You may not claim any expense you incur to provide your client with new clothing, meals, snacks, cigarettes, or other personal items. You also may not claim any expenses you incur for having your client’s clothing cleaned, for your client’s haircuts, to assist with the disposition of your client’s personal property, for placement of your client’s minor children, for execution of your client’s conditions of probation or supervised release, or for any other matter unrelated to the litigation of the case, even if incidental to your client’s arrest.
- Filing Fees
You may not claim any expense for a filing fee, since CJA attorneys are not required to pay a filing fee in a CJA case.
- Printing and Copying of Briefs
You may not claim any expense for the printing of briefs, regardless of the method you use.
You may not claim taxes you pay on compensation received under CJA, whether the taxes are based on income, sales, gross receipts, or any other basis.
- PACER fees
You may not claim any expense for PACER fees. CJA attorneys may register for a fee-exempt PACER account here.
- Subpoena Expenses (including service of process, witness fees, travel costs, etc.)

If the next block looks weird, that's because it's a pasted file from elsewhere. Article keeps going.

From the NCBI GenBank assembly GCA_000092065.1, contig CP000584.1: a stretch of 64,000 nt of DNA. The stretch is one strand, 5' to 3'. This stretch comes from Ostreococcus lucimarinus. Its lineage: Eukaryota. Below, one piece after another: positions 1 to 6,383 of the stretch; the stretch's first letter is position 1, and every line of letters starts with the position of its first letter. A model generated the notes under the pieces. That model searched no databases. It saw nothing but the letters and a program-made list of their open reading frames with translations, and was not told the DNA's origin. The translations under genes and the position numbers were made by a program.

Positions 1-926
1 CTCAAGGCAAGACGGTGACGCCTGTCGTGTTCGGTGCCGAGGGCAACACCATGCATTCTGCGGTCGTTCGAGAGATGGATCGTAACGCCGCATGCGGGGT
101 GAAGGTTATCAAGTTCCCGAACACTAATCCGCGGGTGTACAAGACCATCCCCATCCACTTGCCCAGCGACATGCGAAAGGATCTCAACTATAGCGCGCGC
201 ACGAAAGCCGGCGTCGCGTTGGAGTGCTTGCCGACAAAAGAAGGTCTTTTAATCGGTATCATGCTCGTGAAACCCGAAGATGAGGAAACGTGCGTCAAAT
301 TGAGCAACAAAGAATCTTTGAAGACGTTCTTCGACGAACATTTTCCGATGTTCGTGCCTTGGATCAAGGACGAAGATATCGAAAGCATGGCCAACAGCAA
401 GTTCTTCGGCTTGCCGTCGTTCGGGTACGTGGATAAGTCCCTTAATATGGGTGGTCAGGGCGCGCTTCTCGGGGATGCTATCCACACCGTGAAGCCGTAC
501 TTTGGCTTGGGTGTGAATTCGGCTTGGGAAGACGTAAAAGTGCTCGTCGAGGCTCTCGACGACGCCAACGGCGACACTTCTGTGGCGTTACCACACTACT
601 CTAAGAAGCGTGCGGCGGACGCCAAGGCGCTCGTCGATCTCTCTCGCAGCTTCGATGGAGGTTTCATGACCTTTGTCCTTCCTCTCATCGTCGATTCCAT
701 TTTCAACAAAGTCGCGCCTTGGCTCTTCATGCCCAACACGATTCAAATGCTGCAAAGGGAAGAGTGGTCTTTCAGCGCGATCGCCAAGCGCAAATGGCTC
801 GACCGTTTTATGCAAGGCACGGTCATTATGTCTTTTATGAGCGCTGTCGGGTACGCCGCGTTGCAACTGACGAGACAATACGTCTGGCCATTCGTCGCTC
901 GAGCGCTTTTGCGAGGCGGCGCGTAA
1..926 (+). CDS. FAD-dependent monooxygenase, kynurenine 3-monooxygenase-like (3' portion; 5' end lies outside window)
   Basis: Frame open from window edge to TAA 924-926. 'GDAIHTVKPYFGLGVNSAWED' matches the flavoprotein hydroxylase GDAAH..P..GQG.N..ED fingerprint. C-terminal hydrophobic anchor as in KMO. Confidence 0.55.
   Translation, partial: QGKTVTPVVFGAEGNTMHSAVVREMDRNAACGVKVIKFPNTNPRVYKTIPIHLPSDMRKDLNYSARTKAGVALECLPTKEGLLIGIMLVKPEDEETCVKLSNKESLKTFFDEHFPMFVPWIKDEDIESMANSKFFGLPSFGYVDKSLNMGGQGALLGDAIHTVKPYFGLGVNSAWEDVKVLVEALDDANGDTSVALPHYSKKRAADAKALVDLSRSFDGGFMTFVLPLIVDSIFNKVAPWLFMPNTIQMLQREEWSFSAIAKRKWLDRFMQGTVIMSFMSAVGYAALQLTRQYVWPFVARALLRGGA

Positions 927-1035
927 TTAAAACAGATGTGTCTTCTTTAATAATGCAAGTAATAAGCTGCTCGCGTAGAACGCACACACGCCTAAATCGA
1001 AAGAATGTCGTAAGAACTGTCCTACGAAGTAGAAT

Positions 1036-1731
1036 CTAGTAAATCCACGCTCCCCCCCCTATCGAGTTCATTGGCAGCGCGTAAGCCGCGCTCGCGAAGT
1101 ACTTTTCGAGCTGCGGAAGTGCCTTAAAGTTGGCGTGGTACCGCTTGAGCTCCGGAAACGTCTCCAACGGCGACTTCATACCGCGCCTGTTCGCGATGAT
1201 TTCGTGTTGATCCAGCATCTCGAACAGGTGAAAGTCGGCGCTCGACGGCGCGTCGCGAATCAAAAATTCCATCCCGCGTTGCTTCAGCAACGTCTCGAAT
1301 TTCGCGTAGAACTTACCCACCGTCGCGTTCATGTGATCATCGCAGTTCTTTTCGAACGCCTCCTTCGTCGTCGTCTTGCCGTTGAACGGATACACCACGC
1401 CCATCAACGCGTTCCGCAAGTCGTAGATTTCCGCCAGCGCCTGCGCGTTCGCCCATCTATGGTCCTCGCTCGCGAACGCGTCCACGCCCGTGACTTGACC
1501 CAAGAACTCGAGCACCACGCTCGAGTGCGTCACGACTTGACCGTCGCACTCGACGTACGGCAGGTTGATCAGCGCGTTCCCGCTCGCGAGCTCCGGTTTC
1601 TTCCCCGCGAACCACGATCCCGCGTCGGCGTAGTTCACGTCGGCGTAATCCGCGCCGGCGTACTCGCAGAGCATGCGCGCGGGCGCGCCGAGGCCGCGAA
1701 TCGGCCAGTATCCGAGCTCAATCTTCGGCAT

- Allowable Expenses
Out-of-pocket expenses reasonably incurred may be claimed on the CJA Form 20, but must be itemized and reasonably documented. Expenses for meals and lodging, incurred in the representation of the defendant, constitute reimbursable out-of-pocket expenses. In determining whether actual expenses incurred are "reasonable," you should be guided by the prevailing limitations placed upon travel and subsistence expenses of federal judiciary employees in accordance with existing government travel regulations.
Expenses for investigations or other services under subsection (e) of the Act shall not be considered out-of-pocket expenses and thus, such expenses should not be claimed on a CJA Form 20. A CJA Form 21 should be completed by the investigator or other expert (See Section VIII of this handbook). Out-of-pocket expenses include the following:
Airline Travel and Hotel Expenses